In an ALAN Review article called “Popular Postmodernism for Young Adult Readers” (Spring/Summer 2002), Stephenie Yearwood says that, “this story is made of stories, by stories, and in between stories.” As a result Sal has to reinvent herself so as to handle the truth. “Sal’s past is reconsidered, remade and retold in multiple layers here; and it can emerge fully only when she has successfully constructed a new identity for herself–an identity which can face the history.” And though we wouldn’t necessarily think of this book as a mystery novel, discovering what has actually happened to Sal’s mom is something we, the readers, want to figure out.
Fun Fact: Later Ms. Creech would set her novel Chasing Redbird in the same town as Walk Two Moons (Bybanks, Kentucky).
The book won the 1995 Newbery Medal, beating out Catherine, Called Birdy by Karen Cushman and The Ear, the Eye and the Arm by Nancy Farmer.
- Read some of the book here.
- The page on the Sharon Creech website about the book is here.
- The Multnomah County Library system has some of the best book discussion guides you will find. Here is the one they created for Walk Two Moons.
- Use these discussion questions and activities if you like.
- Or you can use this Teacher Guide.
- The theatrical version of the book was big enough to get some attention from Variety.
- Sometimes I like children’s versions of their favorite books best.
- Though admittedly there are times when folks get a little literal (shouldn’t those feet be wearing moccasins, anyway?).
School Library Journal said of the book, “While this story-within-a-story is a potentially difficult device, in the hands of this capable author it works well to create suspense, keep readers’ interest, and draw parallels between the situations and reactions of the two girls. Sal’s emotional journey through the grieving process-from denial to anger and finally to acceptance-is depicted realistically and with feeling. Indeed, her initial confusion and repression of the truth are mirrored in the book. Overall, a richly layered novel about real and metaphorical journeys.”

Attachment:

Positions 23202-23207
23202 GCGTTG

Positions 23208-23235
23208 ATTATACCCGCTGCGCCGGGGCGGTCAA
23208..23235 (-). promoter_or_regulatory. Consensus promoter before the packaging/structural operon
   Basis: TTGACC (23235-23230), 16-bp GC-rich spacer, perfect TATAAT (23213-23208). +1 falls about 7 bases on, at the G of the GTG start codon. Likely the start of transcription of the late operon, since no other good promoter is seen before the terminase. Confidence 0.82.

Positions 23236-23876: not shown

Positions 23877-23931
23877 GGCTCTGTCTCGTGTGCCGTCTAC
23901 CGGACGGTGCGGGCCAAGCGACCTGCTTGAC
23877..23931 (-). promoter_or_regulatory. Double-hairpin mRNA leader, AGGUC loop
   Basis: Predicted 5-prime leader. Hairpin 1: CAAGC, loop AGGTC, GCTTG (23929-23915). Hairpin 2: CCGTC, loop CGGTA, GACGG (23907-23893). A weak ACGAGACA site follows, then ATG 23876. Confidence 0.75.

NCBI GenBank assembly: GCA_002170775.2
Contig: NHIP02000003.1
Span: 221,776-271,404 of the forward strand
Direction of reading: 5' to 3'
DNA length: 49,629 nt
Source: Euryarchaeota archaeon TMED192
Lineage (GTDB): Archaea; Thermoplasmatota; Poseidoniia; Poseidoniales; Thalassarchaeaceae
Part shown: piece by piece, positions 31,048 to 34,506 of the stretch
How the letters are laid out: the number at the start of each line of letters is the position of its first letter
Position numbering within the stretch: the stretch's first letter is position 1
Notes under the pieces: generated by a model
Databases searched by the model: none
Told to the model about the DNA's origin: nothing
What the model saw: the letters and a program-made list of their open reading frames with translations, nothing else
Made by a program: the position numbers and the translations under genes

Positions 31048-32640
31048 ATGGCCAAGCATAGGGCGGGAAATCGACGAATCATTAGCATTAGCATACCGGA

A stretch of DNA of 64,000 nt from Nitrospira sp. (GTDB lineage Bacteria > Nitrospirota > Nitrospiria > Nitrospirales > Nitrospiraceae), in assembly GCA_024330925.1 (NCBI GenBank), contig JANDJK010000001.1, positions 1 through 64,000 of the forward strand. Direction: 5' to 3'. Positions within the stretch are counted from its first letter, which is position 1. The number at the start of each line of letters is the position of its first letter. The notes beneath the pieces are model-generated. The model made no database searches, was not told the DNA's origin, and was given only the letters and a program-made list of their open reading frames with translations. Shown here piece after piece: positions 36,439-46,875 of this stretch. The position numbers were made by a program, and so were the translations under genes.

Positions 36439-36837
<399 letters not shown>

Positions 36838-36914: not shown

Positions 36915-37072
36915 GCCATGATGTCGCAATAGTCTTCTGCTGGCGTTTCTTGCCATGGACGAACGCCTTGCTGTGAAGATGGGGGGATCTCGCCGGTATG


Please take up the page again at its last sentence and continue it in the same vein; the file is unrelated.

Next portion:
Said Booklist, “The novel is ambitious and successful on many fronts: the characters, even the adults, are fully realized; the story certainly keeps readers’ interest; and the pacing is good throughout.”
Kirkus was less pleased, saying, “Creech, an American who has published novels in Britain, fashions characters with humor and sensitivity, but Sal’s poignant story would have been stronger without quite so many remarkable coincidences or such a tidy sum of epiphanies at the end. Still, its revelations make a fine yarn.”
And finally there was The Observer who said it was, “A really satisfying book – funny, poignant, cunning in the unraveling of its mysteries.”
Unlike her Love That Dog, covers of this particular Creech outing abound.
Oh, and did you know that they’re releasing a bunch of Creech’s books with new covers? Here’s the latest:
Filed under: Best Books, Top 100 Children's Novels (2012)
About Betsy Bird
Betsy Bird is currently the Collection Development Manager of the Evanston Public Library system and a former Materials Specialist for New York Public Library. She has served on Newbery, written for Horn Book, and has done other lovely little things that she'd love to tell you about but that she's sure you'd find more interesting to hear of in person. Her opinions are her own and do not reflect those of EPL, SLJ, or any of the other acronyms you might be able to name. Follow her on Twitter: @fuseeight.